“For now, athletics is dying steadily and until the Ghana Athletics Association (GAA) gets down to brass tack, the situation will get out of hand,” he said.
According to Adomako, who was speaking to the Times Sports in Accra at the weekend, a number of budding athletes are speedily losing the zeal to train “because they say there are no competitions to engage them.”
“For the entire year, we have just about one or two events and these are woefully inadequate if we really want to develop our athletes to the top-notch level we want them to get to.
“What’s the use when athletes train all year and have no competitions to take part in?,” he quizzed.
He says the situation is even made worse when these burgeoning athletes decide to hang their spikes prematurely just after getting some job to do.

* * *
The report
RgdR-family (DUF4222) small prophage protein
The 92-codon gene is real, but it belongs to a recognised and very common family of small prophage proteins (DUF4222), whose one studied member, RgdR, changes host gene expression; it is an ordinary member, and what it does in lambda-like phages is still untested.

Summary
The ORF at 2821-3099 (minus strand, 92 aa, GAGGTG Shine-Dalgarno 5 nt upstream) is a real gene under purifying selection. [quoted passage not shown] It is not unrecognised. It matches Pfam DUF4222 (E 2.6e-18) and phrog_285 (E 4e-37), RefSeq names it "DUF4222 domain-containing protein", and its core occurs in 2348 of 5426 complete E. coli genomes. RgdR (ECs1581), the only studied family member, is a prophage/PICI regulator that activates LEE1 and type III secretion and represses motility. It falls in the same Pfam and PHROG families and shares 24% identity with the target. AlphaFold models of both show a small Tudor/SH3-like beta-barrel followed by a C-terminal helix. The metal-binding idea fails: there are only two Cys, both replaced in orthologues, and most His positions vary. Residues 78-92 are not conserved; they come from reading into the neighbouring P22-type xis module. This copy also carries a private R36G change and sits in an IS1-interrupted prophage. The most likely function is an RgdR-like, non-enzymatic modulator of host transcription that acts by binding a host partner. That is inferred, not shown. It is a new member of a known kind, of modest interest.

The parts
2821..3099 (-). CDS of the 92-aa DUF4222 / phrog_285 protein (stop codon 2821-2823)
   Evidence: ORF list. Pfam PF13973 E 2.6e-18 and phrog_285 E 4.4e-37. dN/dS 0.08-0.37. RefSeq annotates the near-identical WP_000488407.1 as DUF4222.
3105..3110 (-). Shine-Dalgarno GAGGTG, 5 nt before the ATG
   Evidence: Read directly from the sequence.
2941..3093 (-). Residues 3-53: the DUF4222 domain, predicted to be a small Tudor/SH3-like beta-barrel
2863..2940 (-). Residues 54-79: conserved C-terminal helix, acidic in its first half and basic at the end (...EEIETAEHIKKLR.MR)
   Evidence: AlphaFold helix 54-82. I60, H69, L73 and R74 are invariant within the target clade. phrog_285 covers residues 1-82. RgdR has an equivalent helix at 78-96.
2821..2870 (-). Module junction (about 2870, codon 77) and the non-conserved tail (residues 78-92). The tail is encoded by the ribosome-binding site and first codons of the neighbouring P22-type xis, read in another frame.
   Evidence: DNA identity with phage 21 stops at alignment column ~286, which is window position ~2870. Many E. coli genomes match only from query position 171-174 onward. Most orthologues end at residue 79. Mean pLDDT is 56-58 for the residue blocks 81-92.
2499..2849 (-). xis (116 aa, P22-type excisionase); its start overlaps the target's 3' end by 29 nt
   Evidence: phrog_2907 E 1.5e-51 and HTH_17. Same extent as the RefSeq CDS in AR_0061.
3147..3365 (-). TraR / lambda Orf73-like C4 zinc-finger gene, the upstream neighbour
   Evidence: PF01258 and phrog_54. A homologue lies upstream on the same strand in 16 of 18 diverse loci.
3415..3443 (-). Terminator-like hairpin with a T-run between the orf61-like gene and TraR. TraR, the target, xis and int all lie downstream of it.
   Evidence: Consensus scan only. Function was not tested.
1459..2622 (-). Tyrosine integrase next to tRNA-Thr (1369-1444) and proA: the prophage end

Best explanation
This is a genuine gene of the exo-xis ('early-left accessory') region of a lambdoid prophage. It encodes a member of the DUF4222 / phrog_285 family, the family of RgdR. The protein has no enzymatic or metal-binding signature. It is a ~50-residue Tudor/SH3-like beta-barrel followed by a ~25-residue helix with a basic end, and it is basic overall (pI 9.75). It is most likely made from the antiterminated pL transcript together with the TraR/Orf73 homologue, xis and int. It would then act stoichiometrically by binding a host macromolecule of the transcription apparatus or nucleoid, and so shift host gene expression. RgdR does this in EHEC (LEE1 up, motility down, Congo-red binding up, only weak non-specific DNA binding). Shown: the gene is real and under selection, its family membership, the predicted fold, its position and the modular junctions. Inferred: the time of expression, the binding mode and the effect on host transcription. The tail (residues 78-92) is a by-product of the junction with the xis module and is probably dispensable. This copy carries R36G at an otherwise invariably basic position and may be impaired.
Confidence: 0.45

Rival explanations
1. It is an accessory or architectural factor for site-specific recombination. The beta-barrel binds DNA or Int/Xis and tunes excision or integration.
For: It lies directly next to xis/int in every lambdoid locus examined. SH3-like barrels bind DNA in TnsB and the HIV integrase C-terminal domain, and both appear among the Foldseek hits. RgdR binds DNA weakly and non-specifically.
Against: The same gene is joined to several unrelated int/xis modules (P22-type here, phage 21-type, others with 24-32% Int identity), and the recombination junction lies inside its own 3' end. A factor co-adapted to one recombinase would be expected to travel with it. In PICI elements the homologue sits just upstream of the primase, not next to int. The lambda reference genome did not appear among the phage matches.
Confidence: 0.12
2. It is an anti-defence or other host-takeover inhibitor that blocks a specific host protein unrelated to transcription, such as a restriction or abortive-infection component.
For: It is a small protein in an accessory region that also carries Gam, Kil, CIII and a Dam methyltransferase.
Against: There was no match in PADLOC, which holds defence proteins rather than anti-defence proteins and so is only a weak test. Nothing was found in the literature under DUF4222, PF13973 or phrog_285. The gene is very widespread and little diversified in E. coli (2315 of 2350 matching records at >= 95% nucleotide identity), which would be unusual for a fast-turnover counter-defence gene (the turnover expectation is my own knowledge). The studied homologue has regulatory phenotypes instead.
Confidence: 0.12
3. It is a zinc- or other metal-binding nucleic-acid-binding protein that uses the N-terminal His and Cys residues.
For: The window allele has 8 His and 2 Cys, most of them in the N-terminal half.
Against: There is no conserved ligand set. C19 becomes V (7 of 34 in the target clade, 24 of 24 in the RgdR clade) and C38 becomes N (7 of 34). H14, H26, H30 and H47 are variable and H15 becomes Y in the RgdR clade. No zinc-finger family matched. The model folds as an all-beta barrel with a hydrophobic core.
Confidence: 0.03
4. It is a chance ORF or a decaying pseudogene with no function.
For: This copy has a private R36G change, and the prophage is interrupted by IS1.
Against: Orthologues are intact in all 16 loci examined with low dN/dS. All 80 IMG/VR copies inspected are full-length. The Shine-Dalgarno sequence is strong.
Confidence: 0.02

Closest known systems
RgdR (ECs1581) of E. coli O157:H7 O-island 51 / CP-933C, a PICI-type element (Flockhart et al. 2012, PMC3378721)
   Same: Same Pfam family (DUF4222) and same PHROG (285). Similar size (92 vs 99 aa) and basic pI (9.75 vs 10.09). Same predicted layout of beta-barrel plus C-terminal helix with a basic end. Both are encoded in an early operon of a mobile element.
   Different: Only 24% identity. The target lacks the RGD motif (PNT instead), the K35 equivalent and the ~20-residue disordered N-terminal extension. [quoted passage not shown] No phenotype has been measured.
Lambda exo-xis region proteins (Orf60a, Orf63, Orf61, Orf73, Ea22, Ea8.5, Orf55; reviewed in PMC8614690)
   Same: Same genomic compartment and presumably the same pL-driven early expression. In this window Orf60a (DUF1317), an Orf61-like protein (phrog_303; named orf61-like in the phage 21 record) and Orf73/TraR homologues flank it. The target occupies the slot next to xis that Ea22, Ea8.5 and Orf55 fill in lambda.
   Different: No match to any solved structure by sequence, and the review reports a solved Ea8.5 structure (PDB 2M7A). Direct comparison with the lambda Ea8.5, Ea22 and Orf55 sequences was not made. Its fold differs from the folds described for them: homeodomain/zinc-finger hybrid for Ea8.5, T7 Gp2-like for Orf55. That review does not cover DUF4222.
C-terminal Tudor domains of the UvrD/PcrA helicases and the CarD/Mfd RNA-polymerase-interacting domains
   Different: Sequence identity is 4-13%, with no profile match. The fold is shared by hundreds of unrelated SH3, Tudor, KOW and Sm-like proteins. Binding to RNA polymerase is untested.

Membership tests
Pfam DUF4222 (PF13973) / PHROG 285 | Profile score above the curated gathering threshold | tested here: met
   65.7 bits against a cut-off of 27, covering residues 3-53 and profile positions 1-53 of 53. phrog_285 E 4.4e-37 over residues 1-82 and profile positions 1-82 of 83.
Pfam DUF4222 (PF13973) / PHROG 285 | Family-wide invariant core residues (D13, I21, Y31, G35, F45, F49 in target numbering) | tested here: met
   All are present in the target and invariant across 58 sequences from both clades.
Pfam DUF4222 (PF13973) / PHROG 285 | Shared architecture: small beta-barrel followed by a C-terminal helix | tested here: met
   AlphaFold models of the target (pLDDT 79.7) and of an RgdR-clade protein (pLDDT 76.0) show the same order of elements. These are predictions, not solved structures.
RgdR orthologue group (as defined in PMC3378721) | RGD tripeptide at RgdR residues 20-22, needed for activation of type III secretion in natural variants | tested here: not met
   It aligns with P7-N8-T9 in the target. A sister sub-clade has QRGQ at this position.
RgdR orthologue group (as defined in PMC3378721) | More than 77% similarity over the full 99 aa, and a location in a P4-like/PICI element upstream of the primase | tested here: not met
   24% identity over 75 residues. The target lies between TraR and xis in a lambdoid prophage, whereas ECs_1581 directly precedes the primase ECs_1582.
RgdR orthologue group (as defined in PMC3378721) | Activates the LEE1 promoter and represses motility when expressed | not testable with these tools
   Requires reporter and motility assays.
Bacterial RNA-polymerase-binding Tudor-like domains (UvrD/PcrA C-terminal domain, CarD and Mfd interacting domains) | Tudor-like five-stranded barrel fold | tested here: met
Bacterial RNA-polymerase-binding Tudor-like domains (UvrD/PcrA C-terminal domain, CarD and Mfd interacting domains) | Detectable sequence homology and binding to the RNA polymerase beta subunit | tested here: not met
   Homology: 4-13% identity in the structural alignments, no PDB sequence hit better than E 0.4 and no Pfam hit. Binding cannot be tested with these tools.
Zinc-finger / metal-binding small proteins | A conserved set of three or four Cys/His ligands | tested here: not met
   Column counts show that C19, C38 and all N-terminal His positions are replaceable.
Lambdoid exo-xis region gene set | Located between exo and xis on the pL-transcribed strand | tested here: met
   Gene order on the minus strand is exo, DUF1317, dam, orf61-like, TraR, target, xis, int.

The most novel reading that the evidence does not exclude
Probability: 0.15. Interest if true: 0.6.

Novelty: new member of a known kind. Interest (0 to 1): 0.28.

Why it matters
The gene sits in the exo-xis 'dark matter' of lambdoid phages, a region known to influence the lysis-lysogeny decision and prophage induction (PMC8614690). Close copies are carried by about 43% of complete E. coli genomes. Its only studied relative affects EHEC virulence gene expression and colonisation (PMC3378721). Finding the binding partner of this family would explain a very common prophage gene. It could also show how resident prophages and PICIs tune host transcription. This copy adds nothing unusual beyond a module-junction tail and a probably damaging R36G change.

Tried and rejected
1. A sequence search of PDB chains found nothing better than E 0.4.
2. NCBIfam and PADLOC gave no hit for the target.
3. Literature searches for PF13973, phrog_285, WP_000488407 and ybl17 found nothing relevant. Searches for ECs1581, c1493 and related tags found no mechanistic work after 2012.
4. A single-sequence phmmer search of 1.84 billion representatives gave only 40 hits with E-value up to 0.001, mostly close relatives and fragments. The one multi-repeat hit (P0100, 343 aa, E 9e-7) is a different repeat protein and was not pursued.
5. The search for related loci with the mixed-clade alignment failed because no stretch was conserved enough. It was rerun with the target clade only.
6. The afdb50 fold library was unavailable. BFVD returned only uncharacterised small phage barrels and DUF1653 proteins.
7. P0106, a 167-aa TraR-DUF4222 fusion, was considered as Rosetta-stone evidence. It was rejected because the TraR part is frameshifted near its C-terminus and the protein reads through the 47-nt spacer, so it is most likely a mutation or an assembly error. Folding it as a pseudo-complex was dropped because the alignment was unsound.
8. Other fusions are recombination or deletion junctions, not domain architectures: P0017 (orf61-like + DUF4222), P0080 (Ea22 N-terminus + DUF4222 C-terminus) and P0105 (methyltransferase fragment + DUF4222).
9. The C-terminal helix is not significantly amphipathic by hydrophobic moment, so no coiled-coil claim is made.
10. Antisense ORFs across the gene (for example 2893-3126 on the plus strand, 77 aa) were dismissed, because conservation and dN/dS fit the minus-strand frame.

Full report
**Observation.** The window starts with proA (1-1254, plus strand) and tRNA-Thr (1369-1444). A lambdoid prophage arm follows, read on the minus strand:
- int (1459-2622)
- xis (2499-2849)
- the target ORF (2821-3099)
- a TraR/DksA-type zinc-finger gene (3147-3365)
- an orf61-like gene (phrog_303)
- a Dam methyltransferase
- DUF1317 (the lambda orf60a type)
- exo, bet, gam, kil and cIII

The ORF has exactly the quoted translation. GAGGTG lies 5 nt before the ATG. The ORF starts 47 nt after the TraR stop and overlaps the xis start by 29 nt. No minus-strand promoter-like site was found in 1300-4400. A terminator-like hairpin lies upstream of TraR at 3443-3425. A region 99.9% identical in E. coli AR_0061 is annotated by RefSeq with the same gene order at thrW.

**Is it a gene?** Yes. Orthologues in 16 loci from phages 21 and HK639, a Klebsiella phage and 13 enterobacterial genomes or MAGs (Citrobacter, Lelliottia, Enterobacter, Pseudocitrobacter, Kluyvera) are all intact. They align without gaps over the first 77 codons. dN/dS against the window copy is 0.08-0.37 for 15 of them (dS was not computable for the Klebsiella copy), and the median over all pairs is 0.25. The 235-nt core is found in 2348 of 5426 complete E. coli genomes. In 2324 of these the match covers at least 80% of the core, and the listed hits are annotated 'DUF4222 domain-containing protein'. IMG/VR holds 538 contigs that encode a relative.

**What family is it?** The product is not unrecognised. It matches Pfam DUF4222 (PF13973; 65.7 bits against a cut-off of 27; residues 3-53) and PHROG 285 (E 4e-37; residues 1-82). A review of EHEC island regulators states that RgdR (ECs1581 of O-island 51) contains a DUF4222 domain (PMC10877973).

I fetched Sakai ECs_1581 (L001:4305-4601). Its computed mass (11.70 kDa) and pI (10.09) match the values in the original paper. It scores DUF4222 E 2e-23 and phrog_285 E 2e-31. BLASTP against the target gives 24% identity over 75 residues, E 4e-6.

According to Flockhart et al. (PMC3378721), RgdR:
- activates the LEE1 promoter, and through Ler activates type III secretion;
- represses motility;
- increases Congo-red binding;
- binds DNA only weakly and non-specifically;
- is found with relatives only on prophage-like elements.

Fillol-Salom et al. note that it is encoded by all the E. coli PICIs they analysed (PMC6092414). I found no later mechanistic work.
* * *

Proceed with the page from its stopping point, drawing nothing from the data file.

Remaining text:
“This is usually what happens when athletes become frustrated and decide to look elsewhere.”
Adomako, who is now the Athletics Coach for the Ghana Immigration Service (GIS), said there are hardly any big names in the country or abroad at the moment that the country can rely on during international meets “and that should be a source of worry to all of us.”
He, however, charged athletes to remain steadfast and whole-heartedly committed to their chosen career, adding “you must be ready to sacrifice a lot in order to get to the very top.”
The former record holder called on corporate Ghana and philanthropists to support athletics in a bid to reverse it to its halcyon era of the 60s, 70s, 90s and early 2000.
“Luckily for us, we have an embarrassing array of talents around, but getting them to hit the peak remains the challenge,” he added.
Adomako set a national record at the West Africa Athletics Championship in Benin in 1997, running an imposing time of 46.81secs. He was national champion from 1997 to 2000 and had to retire prematurely to injury.
The GIS coach has also participated in a couple of high-profile events including the Sydney Olympic Games in 2000 and the Algeria African Championships in 1998, among many others.
By John Vigah